Goldfinger by Ian Fleming, adapted by Archie Scottney

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BBC Radio 4, 3 April 2010

Any adaptation of Fleming’s novel has to contend with memories of the 1964 film, with Shirley Eaton being painted gold, a hissable villain in Gert Frobe, Sean Connery gradually feeling his way into the role and that immortal theme tune sung by Shirley Bassey.


Martin Jarvis’ production – with Jarvis himself playing Ian Fleming – deliberately ignored such memories and reconceived the novel as a picaresque adventure with a low-key hero (Toby Stephens) and an oh-so-suave villain (Ian McKellen) who took a positive pleasure in cheating at cards, or gold, and imprisoning his victims in a mental institution with no windows for them to find out where they were. Although outwitted in the end, we felt sorry that such an evil genius had failed in his designs: it might have been rather amusing to see what he would do if he had managed to rob Fort Knox of its gold reserves and pass them on to the Russians.


In this version the male protagonists occupied centre-stage; the females, on the other hand, took a back seat, They were either cannon-fodder for the male character’s wishes or helpless victims desperately trying yet failing to revenge themselves on Goldfinger. Pussy Galore (Rosamund Pike) was not the strong-willed virago of the 1964 film, but simply a female Al Capone gangster, who willingly submitted herself to Bond’s sexual charms.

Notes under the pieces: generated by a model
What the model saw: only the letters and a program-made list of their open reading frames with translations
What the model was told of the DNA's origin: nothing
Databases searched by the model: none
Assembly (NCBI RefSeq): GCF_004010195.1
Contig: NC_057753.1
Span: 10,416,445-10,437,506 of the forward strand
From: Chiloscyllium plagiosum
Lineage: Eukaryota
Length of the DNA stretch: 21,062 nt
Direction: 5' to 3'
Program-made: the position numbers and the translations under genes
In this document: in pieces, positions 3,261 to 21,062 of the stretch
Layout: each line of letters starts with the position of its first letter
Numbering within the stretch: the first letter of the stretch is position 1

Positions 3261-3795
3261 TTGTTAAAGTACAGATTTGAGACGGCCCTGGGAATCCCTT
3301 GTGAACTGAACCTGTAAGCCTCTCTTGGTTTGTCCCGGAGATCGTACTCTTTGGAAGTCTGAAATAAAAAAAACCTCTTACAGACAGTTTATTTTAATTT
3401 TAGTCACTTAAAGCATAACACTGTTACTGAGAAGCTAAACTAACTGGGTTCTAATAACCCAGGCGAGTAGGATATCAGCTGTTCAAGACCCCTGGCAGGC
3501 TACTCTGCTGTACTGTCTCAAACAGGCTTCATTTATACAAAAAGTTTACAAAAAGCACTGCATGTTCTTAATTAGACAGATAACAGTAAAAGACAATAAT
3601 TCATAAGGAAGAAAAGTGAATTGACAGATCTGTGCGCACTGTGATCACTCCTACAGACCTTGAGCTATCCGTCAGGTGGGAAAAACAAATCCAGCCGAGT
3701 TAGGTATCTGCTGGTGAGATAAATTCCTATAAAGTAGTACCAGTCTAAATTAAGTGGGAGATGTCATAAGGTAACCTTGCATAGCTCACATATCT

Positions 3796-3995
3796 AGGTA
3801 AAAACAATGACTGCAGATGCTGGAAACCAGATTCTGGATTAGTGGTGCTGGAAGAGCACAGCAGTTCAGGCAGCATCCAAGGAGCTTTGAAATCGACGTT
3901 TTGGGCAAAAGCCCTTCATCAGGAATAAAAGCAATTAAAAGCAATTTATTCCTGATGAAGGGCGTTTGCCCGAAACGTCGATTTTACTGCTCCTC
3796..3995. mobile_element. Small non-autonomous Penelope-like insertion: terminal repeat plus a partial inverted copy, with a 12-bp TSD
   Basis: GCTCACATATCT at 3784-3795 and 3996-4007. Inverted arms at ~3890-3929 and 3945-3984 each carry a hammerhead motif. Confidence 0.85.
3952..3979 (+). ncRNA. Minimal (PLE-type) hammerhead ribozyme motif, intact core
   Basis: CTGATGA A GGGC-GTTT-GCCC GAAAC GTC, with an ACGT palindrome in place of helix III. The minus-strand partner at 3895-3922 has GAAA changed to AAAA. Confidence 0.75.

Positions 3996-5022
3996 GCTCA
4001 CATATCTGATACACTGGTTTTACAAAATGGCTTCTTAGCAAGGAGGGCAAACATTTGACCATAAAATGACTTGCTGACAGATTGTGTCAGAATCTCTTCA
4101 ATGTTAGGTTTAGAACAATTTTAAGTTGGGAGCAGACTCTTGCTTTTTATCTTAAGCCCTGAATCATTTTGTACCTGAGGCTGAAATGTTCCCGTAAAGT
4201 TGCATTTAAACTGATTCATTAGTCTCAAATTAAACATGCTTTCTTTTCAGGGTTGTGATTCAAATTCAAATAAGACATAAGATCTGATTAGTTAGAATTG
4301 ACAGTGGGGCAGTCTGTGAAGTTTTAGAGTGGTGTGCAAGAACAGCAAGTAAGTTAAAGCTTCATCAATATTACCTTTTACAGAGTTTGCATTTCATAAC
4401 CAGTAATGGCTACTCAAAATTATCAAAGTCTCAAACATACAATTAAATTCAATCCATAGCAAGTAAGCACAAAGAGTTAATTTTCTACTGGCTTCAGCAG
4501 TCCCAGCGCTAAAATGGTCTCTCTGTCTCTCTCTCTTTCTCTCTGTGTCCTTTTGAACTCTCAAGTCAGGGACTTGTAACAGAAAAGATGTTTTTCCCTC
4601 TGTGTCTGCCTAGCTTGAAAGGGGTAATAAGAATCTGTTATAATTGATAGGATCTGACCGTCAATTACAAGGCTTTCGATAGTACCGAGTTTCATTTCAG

At another level this Goldfinger functioned as a Cold War allegory, with the eponymous villain cast as a Soviet agent bidding to take over the world. He was only prevented from doing so by Bond’s ingenuity, as 007 left a warning which just so happened to be picked up by the CIA, which just so happened to muster a force against Goldfinger masterminded by the President. Although no longer a major player on the world stage – even in the late 1950s, the historical setting for this adaptation – Britain could still save the world from destruction, by dint of its secret agents. The tale left us with a feelgood message; propounded by Fleming and Bond alike – the artful agent will always outwit the mega-villain, if he (emphasis on the pronoun he) trusts in his judgment.